In recent years, arts boards have professionalised, recruiting lawyers, bankers and philanthropists with the skills major companies need. But it’s important they continue to recruit artists, says artist and director Robyn Archer AO.
Art and commerce can often be quarrelsome bedfellows. There is a necessary tension between art for art’s sake and the need to turn a profit but, despite this, some artists have managed to become true boardroom performers.
Robyn Archer AO, long-time performer, director and chair of The Arts Centre Gold Coast, is one of the most prominent artists to have combined a creative career with the responsibilities of running a large cultural facility.
Often cited as a “national treasure” for her advocacy for the arts, Archer is a working singer and writer who also has 20 years’ experience as an artistic director and board member. However, the two sides of her career do not come together easily, the demands of each not easily allowing the time and energy for the other, she says.
“It is one of the most challenging things that I have done. When I am doing a show… I have to lock myself away in a room and practise,” says Archer, who performed a series of solo cabarets at Sydney’s Griffin Theatre earlier this year.
“If I have to be there at 7 o’clock or 8 o’clock that night in perfect form, then I have no choice but to isolate myself and not cloud my mind with other things. On the day, I save myself up and deliver a day’s or a week’s energy into one two-hour performance.”
Recently, arts boards have been “professionalised”, recruiting people (lawyers, bankers and philanthropists) with the skills you’d expect to find at the top of a large corporation. The transition has led to input from the artists themselves sometimes being missing. “Some artistic directors of companies were finding that there were no arts people on their boards,” says Archer.
“Suddenly, these boards were being conducted in a very professional and businesslike way, but a number of artistic directors were struggling to get a sympathetic ear. Everything was about the business and not about the quality of the content.”
In 2014, Ralph Myers, the outgoing artistic director of Sydney’s Belvoir St Theatre, observed:
“A cursory look at the boards of the 28 major performing-arts companies in Australia reveals a shocking lack of diversity. Wealthy white men overwhelmingly dominate, followed at some distance by wealthy white women. There are few actual artists on these boards.”
Theatre director Don Mackay, a former executive director of the Victorian Arts Council, concedes it’s not easy to recruit artists to boards, as they can be reluctant to commit. “As a member of one such board considering new appointments, we recently invited several arts practitioners — to no effect. Too often they refused because they thought it might conflict with their work,” he wrote in an article for the ArtsHub portal earlier this year.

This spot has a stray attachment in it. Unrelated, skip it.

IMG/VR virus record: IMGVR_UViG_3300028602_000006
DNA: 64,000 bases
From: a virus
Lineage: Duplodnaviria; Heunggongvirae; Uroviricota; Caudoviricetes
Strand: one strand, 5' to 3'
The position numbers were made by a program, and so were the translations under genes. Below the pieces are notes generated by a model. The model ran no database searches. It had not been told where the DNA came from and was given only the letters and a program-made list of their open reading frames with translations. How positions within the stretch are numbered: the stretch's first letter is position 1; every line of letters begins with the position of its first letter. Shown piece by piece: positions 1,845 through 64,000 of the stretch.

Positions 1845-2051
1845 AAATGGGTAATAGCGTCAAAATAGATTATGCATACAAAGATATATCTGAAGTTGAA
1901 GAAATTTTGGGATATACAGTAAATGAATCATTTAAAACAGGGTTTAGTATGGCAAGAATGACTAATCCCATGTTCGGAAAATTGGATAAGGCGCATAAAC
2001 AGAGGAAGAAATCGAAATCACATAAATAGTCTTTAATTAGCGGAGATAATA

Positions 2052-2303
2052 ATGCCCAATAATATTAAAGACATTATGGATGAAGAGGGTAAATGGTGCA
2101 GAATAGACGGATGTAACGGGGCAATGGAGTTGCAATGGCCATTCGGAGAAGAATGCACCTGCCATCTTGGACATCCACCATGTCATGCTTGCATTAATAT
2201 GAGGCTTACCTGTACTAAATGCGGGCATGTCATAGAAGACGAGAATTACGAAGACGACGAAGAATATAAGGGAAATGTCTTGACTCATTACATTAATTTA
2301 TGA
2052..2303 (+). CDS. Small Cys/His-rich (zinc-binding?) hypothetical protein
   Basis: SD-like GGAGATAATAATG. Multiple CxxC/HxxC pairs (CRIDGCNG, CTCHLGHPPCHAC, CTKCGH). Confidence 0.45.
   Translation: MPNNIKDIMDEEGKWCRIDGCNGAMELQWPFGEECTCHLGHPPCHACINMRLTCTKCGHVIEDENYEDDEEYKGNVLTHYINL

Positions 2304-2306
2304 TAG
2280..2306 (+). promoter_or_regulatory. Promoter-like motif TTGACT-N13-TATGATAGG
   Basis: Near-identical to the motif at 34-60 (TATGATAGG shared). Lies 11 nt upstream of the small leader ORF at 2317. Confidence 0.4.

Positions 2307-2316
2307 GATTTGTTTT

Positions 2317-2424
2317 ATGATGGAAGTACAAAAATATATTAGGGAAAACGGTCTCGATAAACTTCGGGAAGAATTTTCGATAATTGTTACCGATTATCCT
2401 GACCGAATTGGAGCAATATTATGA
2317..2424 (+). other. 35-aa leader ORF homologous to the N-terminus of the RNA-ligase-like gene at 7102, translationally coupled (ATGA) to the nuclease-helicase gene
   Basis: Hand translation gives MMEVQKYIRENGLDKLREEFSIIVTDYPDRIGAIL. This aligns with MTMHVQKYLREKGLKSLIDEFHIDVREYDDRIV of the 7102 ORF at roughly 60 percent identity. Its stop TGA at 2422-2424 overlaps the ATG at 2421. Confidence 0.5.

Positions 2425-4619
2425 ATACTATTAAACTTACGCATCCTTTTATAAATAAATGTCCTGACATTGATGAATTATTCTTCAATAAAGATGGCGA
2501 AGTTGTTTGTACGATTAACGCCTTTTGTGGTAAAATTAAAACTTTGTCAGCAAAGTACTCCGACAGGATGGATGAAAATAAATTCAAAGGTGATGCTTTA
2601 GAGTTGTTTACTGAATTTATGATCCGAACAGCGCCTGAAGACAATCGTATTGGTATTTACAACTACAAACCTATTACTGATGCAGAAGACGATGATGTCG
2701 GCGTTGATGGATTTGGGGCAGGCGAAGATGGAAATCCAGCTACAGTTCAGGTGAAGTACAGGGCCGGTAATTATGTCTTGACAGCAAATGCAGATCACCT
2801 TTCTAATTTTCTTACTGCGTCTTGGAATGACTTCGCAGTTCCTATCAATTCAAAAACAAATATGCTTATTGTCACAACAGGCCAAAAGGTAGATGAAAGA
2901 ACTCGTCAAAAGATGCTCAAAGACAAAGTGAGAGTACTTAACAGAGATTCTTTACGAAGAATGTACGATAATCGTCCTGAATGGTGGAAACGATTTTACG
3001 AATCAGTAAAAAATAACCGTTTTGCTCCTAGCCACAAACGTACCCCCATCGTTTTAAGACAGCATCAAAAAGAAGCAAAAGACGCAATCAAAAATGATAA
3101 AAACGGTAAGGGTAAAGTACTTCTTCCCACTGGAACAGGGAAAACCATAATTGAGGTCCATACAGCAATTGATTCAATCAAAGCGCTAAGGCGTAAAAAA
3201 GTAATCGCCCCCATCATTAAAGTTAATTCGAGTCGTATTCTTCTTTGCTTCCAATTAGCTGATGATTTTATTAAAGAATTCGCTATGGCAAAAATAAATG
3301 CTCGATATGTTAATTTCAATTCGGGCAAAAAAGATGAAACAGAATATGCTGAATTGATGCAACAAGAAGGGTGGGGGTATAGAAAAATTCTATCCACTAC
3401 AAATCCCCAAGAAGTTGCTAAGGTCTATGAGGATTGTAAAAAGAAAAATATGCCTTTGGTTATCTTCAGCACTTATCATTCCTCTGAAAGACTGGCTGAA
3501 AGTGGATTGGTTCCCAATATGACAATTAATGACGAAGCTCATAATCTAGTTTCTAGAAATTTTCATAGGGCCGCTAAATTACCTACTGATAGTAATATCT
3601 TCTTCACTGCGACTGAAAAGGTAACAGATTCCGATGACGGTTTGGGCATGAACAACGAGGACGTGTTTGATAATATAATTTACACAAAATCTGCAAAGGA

“A celebrated actor I worked with, who could have made a great contribution, refused because they were quite understandably waiting for a call from Hollywood.”
Arts organisations that have been able to secure artistic representation on their boards include: the Sydney Opera House (actor Deborah Mailman as a trustee), Sydney Theatre Company (artistic director Kip Williams), The Australian Ballet (dancer Olivia Bell), the National Gallery of Victoria (visual artist Susan Cohn and painter Su Baker as trustees), the Bell Shakespeare company (theatre director Peter Evans), the Sydney Symphony Orchestra (cellist Catherine Hewgill, violinist Jennifer Hoy and librarian, musician and sculptor John Vallance) and the Art Gallery of NSW (painters Khadim Ali and Ben Quilty).
Arts vs entertainment
Having artists on the board can provide some clarity about whether the organisation is in the arts or the entertainment industry — which have distinctly different aims — says Archer.
“If you are only ever giving the audience what it knows and loves, then I believe you are in the entertainment business,” she says.
“Arts digs a bit deeper, it provokes, it makes people curious. Of course, all those things can and should be entertaining, even if they are about serious subjects, but they’re not about pleasing an existing audience or satisfying an existing taste.
They are about provoking curiosity in something new.
“If an arts board only has people who want to control the business and keep to the bottom line, there is a high likelihood that you won’t take risks.”
While larger arts organisations can attract board members with a better understanding of governance and wider networks for fundraising, some smaller companies could do with help, says CEO of Creative Partnerships Australia, Fiona Menzies, whose organisation encourages private sector support for the arts.
“Boards should be fit for purpose and there are many arts boards [mostly small to medium-sized organisations] that do not understand their role. Nor do the staff of these organisations properly understand the role of their board, so we need to work on both,” says Menzies.
Artists when they become board directors, while they will push boards to take artistic risks, may initially lack the governance skills required to fulfil their duties and responsibilities.
Recognising this, the Australia Council has an Arts Governance Program to help arts organisations get the best out of their boards. More generally, the Australian Institute of Company Directors’ education programs can help inexperienced directors from all sectors prepare for and perform in board roles.
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